Developing Resilience in Children

As children get older, they are faced with many more complex decisions and situations. For many children (especially gifted children), learning comes very easily to them when they first start school. They recite their alphabet and count their numbers at a very young age, much to the amazement and joy of family and friends. Learning is fun and easy, and challenges are quite rare.

However, as children get older they are given greater challenges and find themselves in unfamiliar learning environments. These situations are designed to enrich the children’s learning. However, for some children, they begin to question how “smart” they actually are when they are working at their highest level amongst their peers. Some children may even begin to recoil from challenges to stay within their comfort zone.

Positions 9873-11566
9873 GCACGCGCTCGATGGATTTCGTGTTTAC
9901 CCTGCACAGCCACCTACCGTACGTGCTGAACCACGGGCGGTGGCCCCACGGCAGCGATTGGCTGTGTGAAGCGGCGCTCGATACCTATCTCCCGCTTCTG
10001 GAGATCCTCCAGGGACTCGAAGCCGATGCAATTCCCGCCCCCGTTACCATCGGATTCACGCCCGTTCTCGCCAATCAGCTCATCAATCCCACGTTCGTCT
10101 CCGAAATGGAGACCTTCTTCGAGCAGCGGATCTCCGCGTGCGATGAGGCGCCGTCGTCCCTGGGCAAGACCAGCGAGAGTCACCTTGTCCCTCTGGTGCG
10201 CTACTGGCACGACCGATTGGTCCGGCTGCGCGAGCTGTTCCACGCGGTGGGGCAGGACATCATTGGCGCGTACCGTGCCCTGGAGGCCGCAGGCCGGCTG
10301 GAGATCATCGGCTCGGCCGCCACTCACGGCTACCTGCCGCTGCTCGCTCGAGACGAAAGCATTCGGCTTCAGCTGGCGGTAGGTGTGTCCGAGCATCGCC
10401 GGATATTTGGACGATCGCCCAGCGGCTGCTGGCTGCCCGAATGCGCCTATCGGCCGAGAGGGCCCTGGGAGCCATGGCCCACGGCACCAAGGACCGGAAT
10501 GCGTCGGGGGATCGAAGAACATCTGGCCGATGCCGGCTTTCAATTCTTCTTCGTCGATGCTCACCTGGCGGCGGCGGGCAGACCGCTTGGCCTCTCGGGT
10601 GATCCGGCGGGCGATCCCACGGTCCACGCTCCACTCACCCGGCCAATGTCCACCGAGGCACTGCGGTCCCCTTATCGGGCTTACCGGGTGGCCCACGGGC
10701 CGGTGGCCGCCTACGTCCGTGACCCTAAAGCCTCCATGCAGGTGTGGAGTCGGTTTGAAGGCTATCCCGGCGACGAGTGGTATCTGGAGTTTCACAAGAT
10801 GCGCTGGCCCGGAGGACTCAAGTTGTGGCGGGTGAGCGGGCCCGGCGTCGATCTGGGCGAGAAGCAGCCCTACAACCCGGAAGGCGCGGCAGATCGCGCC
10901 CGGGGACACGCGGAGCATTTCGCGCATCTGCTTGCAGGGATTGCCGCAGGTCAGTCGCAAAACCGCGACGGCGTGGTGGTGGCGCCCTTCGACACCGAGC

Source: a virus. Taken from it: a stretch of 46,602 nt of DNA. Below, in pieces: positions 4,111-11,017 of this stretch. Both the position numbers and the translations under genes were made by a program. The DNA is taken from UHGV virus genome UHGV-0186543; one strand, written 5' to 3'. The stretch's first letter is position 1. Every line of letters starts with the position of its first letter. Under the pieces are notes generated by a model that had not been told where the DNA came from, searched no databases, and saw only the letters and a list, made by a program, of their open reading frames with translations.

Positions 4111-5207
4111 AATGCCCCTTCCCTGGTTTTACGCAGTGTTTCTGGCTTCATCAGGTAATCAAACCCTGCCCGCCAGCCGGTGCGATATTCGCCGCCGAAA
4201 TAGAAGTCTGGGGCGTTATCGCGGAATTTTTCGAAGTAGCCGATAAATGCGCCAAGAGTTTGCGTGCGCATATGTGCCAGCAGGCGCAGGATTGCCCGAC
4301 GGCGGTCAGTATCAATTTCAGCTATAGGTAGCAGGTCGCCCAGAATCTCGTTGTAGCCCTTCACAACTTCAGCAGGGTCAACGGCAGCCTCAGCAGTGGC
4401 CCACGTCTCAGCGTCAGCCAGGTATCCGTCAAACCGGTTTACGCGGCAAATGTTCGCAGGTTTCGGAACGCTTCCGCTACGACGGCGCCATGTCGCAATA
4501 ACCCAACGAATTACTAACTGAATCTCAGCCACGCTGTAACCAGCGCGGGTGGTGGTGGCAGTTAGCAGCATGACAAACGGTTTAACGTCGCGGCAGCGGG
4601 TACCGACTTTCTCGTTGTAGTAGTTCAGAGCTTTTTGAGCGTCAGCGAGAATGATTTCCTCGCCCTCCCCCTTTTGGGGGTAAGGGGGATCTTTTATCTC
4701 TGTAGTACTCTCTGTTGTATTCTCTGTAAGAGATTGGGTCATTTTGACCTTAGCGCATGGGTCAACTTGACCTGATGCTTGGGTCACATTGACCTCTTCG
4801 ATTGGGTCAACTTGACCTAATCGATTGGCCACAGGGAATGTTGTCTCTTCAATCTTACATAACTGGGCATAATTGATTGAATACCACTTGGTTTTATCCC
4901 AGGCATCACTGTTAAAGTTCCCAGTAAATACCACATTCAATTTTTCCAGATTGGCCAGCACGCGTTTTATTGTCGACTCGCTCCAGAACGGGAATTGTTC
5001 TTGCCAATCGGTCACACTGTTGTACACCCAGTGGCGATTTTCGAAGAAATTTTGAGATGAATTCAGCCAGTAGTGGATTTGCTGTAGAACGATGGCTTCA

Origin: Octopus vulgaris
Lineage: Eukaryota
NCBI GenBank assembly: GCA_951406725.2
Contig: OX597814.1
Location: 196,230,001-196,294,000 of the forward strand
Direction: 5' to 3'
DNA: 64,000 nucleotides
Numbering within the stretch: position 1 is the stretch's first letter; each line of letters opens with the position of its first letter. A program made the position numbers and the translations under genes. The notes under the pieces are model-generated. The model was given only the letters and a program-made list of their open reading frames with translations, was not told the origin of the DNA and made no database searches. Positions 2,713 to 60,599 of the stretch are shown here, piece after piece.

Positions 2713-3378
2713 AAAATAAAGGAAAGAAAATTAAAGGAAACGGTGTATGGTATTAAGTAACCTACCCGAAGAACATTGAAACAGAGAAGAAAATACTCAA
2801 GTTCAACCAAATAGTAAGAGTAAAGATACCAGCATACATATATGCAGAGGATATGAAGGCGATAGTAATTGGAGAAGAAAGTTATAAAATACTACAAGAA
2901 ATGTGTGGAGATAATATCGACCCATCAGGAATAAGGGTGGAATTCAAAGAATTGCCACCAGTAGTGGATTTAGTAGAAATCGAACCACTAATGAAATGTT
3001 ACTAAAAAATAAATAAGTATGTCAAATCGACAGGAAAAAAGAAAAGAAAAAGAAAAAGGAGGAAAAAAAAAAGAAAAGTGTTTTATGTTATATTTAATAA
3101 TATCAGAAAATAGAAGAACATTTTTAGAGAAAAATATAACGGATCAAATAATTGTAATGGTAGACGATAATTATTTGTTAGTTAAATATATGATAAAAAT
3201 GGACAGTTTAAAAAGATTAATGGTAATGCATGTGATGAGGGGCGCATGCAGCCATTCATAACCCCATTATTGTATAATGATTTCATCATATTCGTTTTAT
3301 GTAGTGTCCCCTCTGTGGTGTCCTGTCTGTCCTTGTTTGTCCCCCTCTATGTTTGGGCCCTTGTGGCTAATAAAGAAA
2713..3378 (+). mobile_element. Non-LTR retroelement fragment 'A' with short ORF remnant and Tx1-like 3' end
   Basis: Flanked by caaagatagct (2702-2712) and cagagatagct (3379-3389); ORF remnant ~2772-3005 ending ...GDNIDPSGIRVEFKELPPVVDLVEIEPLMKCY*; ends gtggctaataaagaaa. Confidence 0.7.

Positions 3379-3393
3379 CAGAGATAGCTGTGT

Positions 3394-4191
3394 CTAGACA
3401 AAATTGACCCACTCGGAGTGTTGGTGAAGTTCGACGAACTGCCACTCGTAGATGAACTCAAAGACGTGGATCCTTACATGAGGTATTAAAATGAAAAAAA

Combating this recoiling is incredibly important. If it is not addressed a child’s self image and view of education can be in sharp contrast to the actual situation. One of my previous principals, Rowena Lee, at Sydney Grammar School (an all boys’ school in Australia) said our role as educators was to “Grow the Boy.” We were encouraged to “grow” the students in all areas of their lives.

One way we did this was to focus on resilience. We used the “Bounce Back” program developed by Toni Noble & Helen McGrath. This resilience training gives children tools and strategies to deal with situations that feel overwhelming and stressful. This program is incredibly effective and if used consistently, and across grades, will help your students deal with life’s ups and downs in a more balanced way. I have found that even simply using the Bounce Back poster (offered below) is a great way to begin talking about resilience if you do not have access to the Bounce Back program.

Bounce Back Poster
Implementing Bounce Back